Throughout the world, on any given day, a man, woman or child is likely to be displaced, tortured, killed or ‘disappeared’ … More often than not, the United States shares the blame.
— Amnesty International, 1996.
As the US threatens to decimate North Korea again – if not the entire planet, given Donald Trump’s chillingly casual approach to the use of nuclear weapons – an article has revealed the criminal legacy remaining from America’s last attack, ending sixty-four years ago, on a country smaller than Mississippi. (North Korea is a landmass of 120,540 square kilometers, Mississippi is 125,443 square kilometers.)
“Experts say it will take a hundred years to clean up all of the unexploded ordnance”, says Major Jong Il Hyon: “but I think it will take much longer.”
Major Jong has lost five colleagues in the still ongoing ordnance disposal work and “carries a lighter one gave him before he died. He also bears a scar on his left cheek from a bomb disposal mission gone wrong.”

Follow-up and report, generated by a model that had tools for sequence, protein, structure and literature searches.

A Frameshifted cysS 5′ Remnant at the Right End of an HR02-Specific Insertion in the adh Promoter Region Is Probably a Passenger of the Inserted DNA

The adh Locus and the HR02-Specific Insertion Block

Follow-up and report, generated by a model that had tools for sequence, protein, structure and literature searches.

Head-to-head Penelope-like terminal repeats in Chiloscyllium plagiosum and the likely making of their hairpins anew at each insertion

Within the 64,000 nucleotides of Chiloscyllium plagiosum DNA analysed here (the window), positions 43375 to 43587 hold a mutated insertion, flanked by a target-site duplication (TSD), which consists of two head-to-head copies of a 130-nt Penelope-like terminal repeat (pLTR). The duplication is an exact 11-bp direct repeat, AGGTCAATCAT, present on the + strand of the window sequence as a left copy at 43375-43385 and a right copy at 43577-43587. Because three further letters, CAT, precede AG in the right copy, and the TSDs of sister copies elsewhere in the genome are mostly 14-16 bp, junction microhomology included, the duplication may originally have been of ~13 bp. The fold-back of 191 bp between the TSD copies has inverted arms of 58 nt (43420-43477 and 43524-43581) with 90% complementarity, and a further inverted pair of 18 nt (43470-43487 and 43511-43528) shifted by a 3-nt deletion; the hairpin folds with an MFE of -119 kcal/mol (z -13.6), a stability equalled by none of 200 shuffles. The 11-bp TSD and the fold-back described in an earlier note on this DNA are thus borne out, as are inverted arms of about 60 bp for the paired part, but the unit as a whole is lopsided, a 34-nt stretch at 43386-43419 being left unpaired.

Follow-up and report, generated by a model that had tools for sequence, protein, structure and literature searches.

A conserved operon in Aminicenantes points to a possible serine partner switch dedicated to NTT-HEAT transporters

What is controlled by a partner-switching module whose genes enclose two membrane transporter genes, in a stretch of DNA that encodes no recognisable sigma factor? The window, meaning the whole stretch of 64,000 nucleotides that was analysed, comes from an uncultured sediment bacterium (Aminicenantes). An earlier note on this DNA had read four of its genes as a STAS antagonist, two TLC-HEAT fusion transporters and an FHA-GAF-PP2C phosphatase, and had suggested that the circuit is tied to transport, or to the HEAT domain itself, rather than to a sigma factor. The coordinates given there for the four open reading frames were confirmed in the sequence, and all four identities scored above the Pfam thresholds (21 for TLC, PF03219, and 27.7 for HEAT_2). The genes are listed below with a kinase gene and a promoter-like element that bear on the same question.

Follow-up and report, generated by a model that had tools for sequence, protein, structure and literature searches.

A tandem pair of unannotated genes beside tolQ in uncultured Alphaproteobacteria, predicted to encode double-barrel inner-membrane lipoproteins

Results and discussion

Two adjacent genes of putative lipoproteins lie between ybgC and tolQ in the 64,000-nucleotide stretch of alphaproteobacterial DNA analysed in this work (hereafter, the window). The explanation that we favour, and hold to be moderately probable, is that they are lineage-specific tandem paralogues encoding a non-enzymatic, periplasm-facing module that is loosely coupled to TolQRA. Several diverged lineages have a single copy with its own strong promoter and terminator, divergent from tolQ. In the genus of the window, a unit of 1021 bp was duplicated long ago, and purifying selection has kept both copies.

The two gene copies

In Hamhung, the country’s second largest city three hundred and seventy mortar rounds were found in an elementary school playground in October last year, with a rusted, lethal round discovered nearby in February this year.
“Bombs, mortars and pieces of live ammunition” are still found in “thousands. Virtually all of it is American”, but “over a dozen” countries “fought on the US side and every now and then their bombs will turn up as well.”